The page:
Whew!

Ok, now since your starter container has no markings, let's add some. Get a strip of masking tape, painter's tape, post-it notes, whatever you can MacGyver together, and put it vertically on the side of your container. Use sharpie, crayon if you have kids, blood if you're a vampire, whatever, to mark where the top of the slurry is. Make sure you are around when it peaks, because guess what? We need a mark there, too. If you can, take a picture before the next refresh. It should show the line where the starter began, where it peaked, and where it was right before you started the next refreshment. Please do this next refreshment between 12 and 14 hrs. You started off with a clean container, you won't have that next refresh, so here we go:

Remember that empty container weight? Add 50g to it. This is your target weight. Take a large fork and stir up the starter. Use the side of the fork to lightly scrape the sides downward, but don't obsess on it. You should find that the old starter will come out in huge chunks. In fact, if you wanted to, you could probably damn near pull it all out at once! But don't... hehe Take out a fairly big chunk (over half), zero your scale, and weigh it all. You are trying to hit your target, which is the container weight plus 50g. Not there? Pull out more until you nail it. Do I need to say this will get easier? No? Ok. Now that you have exactly 50g left in the container, measure out your 46g of water and dump it in. Using the side of the fork, and tilting the container until water comes up to the peak line, start quickly scraping the dried peak line area while rotating the container. Should take about 10-15 seconds to complete. Then use the tines of the fork to scrape around the bottom getting everything loosened up. At that point, you can repeat the above, beginning with 'whipping' it into a froth.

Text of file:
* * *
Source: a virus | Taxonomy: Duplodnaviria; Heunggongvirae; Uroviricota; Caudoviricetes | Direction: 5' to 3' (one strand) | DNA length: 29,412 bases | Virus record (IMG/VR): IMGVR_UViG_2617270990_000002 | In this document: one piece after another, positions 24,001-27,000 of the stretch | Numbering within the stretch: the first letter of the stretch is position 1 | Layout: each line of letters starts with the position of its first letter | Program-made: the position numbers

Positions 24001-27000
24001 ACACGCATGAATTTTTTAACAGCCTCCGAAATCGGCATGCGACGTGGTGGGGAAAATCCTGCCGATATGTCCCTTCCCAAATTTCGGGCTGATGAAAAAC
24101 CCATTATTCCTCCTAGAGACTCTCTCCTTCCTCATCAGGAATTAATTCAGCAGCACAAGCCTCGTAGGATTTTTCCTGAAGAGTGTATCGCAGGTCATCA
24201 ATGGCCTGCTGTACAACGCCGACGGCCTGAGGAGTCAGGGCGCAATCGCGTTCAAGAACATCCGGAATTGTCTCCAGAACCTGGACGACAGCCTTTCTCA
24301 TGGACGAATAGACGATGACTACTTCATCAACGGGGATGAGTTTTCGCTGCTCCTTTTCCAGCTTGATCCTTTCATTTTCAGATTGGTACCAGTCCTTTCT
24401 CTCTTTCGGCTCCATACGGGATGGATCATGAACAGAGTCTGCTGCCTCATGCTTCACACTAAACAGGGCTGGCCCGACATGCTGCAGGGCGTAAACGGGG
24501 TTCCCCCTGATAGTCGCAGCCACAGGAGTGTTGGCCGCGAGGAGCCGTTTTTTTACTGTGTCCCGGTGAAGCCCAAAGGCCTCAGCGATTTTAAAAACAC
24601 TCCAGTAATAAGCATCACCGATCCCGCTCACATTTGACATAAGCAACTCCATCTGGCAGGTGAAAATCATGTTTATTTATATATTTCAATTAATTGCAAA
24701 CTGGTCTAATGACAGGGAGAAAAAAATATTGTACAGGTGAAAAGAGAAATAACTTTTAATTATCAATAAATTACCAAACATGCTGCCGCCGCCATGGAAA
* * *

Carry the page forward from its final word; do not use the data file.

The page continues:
I'm sorry we did not catch that you were essentially 'under feeding', but this will be corrected now. Let us know how it goes after a day or two, and post a new pic with markers!

- Keith

leenowell's picture
leenowell

Hi Keith,

Will start this tomorrow and fingers crossed.  If it helps any in the diagnosis, I almost never clean my containers so could still be the root cause I guess?  I try to scrape the majority off the slides with the spatular but never really paid much attention to it..... until now :)

Should I do this with both starters (i.e. the normal one and the one with lemon) or would you suggest experimenting something different with the other one?

thanks

Lee.

Just Loafin's picture
Just Loafin

Gonna be honest here, would ditch the second one and start a new one from scratch. Unless you are doing something so drastically different between them, there is no point wasting flour on two of the same. Secondly, you very well could end up with a much better starter down the road (and likely will). Figure 6 weeks, but in the meantime, apparently you can bake with the old one? That's a nice feature = )